The Rocky Mountain Innocence Center works to correct and prevent the wrongful conviction of innocent people in Utah, Nevada, and Wyoming. RMIC advocates for systemic reform to improve the justice system and to create meaningful opportunities for the wrongfully convicted to prove their innocence and to receive compensation for unjust incarceration. For more information go to www.rminnocence.org, call (801)355-1888, or email RMIC Executive Director, Kristy Columbia, at kcolumbia@rminnocence.org.

Professor Jensie L. Anderson teaches legal methods, innocence investigation and post-conviction process, criminal process, lawyering skills, and introduction to law at the S.J. Quinney College of Law, University of Utah, which she joined in 1999. She also served as President of the Rocky Mountain Innocence Center from 2001 until 2011 and as its co-founder and Pro Bono Legal Director from 1999 until 2022. She was awarded Woman Lawyer of the Year in 2014.

The award-winning Salt Lake City office of Parr Brown Gee & Loveless employs numerous talented litigators and business attorneys. The firm provides broad and comprehensive legal services to corporate and individual clients in areas such as commercial litigation, bankruptcy, employment law, and real estate law, and they have been recognized statewide and nationally for their services. For more information, visit www.parrbrown.com.

Rocky Mountain Innocence Center, Professor Jensie L. Anderson, and Parr Brown Gee & Loveless Attorneys Obtain Exoneration and Compensation“This is an amazing feeling. After 20 years, our family is finally free from this nightmare. They say the wheels of justice are slow, and that is the truth, but thank the Lord above. We had some amazing people in our corner to help us fight this injustice to the end. We can’t say ‘Thank You’ enough to all of our family and friends that fought alongside of us. Thank you to: the Rocky Mountain Innocence Center – they are truly there to help right the wrongs of those that have been wrongfully convicted; the amazing dedication from everyone at Parr Brown Gee & Loveless attorneys for all the hours of selfless dedication to our family to make sure Michael’s name was cleared is beyond amazing; Jensie Anderson, you have been through it all with us. You are a gift sent from the heavens to us!

All we can say is … anyone that has been wrongfully convicted of a crime: Never give up. Yes, it may take a lot longer than it should, but it is the most amazing feeling when it is done. Never give up on yourself or each other.” – From The Thompson Family – Mike, Darci, and Star

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The Beehive State Must Not Risk the Execution of the Innocent By Allowing the Death Penalty

There are situations where convictions are overturned, and nobody should ever be wrongfully imprisoned. Recently, an article was featured in Desert News. Written by Jensie Anderson, the legal director of the Rocky Mountain Innocence Project (RMIC), the article shines a light on the dangers of wrongful convictions. According to the article, “2,872 imprisoned men and women have been proven innocent nationwide. One hundred eighty-six of the people exonerated had been sentenced to death.”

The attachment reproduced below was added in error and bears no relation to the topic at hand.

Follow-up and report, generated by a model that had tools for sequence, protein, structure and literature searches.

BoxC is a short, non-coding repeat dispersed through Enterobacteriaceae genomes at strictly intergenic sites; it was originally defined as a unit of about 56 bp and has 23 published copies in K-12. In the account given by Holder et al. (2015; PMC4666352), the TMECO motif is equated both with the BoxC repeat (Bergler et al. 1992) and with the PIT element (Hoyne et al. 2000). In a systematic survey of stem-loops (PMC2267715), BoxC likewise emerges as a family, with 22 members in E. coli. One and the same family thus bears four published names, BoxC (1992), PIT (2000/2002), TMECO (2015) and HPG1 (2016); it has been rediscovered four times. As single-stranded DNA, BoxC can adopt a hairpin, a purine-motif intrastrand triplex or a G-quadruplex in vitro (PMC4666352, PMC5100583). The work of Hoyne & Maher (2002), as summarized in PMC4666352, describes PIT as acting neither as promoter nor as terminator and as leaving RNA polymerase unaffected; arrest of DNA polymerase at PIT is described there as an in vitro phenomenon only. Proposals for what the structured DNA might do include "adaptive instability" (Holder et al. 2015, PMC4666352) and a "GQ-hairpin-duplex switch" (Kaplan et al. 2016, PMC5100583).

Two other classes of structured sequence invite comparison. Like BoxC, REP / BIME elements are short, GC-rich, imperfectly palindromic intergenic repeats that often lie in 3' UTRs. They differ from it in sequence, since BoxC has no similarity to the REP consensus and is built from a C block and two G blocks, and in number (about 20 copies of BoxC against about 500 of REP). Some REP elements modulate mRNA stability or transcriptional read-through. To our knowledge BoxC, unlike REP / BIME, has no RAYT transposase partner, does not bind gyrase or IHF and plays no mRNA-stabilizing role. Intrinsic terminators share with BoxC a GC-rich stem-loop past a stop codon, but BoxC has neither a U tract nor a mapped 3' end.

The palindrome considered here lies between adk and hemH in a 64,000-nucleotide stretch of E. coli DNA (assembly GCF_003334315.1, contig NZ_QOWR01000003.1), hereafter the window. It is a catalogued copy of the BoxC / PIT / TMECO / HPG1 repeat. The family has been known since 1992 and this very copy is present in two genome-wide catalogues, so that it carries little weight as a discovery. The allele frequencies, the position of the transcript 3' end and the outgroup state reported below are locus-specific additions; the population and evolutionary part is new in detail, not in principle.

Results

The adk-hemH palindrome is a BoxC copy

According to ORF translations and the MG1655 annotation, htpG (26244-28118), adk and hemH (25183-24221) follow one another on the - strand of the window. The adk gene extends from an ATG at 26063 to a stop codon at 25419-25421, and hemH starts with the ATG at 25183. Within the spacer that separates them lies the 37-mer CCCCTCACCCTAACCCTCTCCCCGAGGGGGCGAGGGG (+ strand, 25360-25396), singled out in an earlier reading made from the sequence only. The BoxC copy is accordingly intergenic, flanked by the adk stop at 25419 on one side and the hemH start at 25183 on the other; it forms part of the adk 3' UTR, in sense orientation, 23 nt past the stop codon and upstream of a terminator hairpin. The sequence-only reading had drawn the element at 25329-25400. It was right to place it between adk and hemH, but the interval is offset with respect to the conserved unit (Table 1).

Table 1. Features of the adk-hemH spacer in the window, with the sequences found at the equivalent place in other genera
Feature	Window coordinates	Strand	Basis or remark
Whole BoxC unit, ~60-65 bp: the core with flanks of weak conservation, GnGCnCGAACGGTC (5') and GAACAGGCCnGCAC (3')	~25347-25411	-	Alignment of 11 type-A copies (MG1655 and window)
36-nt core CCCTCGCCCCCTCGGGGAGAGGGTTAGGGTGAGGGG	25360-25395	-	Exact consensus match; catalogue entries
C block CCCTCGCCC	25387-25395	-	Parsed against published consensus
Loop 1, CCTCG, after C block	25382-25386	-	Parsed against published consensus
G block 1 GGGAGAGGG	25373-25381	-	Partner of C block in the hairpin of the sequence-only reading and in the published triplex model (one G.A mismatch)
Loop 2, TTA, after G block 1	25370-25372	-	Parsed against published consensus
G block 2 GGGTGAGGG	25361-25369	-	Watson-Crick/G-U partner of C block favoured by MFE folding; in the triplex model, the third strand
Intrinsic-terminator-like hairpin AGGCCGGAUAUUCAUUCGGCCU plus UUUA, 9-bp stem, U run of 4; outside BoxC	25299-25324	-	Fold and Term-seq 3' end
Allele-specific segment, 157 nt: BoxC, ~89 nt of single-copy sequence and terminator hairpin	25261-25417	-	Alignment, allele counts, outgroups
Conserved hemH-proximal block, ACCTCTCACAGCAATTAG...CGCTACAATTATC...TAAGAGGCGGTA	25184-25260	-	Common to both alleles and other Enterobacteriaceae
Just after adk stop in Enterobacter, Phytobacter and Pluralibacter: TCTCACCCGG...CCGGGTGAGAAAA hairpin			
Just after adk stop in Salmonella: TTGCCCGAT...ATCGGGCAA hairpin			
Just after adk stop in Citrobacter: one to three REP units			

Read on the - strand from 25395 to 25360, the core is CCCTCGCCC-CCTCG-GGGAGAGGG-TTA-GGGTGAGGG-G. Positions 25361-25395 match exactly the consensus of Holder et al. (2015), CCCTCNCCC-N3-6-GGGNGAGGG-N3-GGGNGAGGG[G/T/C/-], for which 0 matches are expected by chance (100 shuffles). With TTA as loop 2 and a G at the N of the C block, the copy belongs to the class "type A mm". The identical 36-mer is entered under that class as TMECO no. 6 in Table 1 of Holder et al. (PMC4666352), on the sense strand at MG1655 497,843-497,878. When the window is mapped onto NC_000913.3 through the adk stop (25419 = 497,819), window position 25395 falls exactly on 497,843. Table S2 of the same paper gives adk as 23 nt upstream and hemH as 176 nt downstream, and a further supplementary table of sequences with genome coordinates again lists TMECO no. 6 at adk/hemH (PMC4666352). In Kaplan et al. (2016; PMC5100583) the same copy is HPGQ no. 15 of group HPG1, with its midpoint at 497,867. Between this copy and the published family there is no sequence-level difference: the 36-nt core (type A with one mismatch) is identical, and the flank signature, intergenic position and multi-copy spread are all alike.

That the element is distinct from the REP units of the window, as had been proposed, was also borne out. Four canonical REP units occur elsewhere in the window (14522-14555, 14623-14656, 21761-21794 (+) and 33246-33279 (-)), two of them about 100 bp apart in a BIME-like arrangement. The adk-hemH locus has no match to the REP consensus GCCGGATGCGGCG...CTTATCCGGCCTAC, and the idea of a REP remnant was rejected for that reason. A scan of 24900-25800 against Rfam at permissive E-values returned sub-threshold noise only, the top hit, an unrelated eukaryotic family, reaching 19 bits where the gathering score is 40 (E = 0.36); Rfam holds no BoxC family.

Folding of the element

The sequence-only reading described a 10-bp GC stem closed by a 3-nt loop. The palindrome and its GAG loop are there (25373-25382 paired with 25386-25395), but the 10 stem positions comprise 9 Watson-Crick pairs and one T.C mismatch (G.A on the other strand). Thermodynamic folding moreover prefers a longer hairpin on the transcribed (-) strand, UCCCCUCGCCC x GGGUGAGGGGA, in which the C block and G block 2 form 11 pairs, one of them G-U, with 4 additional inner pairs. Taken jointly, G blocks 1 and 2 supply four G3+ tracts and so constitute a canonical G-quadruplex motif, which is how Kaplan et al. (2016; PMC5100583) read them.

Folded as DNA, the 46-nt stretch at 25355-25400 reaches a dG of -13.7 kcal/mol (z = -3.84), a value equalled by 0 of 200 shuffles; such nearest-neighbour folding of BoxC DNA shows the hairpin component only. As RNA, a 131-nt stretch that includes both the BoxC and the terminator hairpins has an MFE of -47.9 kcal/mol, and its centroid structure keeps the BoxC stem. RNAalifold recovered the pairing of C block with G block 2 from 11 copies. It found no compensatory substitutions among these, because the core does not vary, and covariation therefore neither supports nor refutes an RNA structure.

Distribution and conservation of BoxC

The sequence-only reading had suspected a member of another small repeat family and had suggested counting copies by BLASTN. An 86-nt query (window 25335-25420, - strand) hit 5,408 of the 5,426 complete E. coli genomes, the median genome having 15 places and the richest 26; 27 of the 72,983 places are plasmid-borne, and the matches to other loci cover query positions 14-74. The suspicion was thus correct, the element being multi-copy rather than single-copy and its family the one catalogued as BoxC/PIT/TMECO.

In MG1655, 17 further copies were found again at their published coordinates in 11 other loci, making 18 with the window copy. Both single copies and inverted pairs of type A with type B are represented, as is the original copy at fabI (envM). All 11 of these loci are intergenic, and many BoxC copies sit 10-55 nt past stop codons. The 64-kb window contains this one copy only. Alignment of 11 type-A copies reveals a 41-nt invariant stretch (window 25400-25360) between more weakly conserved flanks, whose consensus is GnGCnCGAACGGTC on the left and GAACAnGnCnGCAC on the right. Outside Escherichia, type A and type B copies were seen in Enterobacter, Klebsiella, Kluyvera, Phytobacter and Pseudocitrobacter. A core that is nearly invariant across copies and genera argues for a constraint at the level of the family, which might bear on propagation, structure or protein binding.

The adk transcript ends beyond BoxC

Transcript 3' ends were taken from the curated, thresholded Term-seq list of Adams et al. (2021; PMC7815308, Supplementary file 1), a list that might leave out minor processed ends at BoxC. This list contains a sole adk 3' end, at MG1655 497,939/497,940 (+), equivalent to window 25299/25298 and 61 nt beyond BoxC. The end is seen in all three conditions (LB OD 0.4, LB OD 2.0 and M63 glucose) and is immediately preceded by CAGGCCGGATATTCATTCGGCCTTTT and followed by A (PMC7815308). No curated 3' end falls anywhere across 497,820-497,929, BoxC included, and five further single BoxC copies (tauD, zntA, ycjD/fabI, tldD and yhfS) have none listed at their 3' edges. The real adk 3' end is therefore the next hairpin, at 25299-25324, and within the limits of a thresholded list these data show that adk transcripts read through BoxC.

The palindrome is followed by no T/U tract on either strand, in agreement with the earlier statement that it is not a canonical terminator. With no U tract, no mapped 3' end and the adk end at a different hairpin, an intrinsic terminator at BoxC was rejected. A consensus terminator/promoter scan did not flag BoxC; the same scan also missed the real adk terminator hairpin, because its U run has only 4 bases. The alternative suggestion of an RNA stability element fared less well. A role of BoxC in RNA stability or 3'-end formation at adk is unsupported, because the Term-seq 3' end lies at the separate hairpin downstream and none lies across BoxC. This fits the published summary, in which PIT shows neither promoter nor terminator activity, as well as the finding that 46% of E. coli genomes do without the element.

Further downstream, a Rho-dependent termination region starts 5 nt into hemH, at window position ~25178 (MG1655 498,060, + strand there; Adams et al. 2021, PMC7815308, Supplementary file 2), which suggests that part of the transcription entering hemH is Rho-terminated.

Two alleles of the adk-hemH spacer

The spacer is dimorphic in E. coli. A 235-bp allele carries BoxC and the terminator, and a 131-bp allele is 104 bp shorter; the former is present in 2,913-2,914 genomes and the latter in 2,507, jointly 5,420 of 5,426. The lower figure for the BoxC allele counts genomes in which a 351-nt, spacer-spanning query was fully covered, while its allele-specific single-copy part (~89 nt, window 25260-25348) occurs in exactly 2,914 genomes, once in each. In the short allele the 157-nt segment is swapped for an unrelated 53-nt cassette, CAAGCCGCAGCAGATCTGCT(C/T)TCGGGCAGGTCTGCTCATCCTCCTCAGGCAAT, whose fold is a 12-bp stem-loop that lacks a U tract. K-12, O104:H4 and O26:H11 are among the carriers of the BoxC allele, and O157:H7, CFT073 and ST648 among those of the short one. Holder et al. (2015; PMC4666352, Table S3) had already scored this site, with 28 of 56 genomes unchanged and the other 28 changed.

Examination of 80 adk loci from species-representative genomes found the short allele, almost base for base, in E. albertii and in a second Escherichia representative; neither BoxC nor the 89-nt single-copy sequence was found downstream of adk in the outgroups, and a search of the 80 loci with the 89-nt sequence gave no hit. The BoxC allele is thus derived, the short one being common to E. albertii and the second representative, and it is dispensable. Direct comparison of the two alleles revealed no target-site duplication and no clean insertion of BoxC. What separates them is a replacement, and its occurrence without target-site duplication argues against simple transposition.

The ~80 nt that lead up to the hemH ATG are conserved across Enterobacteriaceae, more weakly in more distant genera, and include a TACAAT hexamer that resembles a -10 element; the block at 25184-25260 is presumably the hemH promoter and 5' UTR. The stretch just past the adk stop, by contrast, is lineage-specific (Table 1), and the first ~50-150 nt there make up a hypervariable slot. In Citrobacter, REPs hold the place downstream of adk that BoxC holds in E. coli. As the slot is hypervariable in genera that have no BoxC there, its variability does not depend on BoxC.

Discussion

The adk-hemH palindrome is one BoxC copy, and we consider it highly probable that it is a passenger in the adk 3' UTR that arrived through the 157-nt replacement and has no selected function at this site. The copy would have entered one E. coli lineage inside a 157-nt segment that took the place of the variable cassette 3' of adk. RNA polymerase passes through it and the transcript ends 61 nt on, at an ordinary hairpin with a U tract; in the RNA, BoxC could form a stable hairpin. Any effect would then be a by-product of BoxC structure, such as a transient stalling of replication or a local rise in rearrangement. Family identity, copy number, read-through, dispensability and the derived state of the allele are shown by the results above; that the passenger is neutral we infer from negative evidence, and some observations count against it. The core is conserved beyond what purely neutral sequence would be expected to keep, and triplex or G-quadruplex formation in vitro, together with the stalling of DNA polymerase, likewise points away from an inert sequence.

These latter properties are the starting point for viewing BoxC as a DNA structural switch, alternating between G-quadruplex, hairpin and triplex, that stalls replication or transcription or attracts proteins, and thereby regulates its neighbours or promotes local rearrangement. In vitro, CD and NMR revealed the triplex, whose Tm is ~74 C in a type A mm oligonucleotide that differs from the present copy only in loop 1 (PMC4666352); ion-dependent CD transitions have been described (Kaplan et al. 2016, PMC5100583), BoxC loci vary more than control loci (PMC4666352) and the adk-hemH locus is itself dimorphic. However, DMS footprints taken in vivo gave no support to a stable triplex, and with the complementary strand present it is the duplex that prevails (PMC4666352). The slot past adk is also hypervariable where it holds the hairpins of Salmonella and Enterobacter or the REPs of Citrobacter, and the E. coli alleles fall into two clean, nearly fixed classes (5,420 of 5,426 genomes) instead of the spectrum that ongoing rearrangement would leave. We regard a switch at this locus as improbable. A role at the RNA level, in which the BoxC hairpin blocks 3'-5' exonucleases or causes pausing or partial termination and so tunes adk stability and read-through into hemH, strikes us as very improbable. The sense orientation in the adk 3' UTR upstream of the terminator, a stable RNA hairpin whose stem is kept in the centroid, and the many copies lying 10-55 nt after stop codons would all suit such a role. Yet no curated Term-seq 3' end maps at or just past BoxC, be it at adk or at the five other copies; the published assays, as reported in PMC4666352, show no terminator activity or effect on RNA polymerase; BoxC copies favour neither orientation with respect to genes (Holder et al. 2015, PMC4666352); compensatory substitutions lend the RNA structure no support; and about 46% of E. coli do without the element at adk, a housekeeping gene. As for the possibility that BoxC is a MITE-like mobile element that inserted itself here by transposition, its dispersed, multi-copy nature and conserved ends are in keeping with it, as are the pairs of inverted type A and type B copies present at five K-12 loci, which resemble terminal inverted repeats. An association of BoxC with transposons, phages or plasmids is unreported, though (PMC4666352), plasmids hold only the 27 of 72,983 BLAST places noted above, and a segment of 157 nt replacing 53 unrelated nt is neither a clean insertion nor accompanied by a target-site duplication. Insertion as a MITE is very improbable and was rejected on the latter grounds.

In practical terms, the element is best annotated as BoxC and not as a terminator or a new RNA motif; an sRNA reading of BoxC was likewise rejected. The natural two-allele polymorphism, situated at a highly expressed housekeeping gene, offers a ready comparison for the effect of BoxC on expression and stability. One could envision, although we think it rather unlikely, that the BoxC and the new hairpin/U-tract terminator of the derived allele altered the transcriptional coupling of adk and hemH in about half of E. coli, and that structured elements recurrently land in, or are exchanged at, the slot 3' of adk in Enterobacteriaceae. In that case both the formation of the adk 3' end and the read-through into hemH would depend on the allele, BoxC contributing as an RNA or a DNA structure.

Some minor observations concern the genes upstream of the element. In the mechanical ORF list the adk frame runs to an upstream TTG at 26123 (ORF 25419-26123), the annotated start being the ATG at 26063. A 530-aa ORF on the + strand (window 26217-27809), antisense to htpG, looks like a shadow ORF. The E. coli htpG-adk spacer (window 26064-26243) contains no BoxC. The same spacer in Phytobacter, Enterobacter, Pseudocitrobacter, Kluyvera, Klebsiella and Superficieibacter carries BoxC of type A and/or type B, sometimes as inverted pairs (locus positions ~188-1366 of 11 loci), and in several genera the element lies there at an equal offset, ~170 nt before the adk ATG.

Many people believe that this is a problem of the past, thinking that DNA is the answer to all crimes; however, it is only available in fewer than 10 percent of all cases. Therefore, DNA alone cannot determine someone’s guilt or innocence, particularly when it is not always available. 

While nobody on death row in Utah has been proven innocent after being executed, this might happen in the future. For this reason, it might be time to get rid of the death penalty before this tragedy takes place.

Check out the full article by Jensie Anderson on Desert News, and consider supporting the cause by donating to the Rocky Mountain Innocence Project.

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[Video] Wrongful Conviction Day is TODAY

October 2, 2021 is the Eighth Annual International Wrongful Conviction Day, a day to raise awareness about the causes and remedies of wrongful conviction and to recognize the tremendous personal, social, and emotional costs of wrongful conviction for directly impacted people and their families. It began in 2013 as an initiative of the Innocence Network, a coalition of 68 organizations around the world dedicated to providing pro-bono legal and investigative services to individuals seeking to prove innocence of crimes for which they have been convicted; working to redress the causes of wrongful convictions; and supporting the exonerated after they are freed.

Wrongful Conviction Day 2021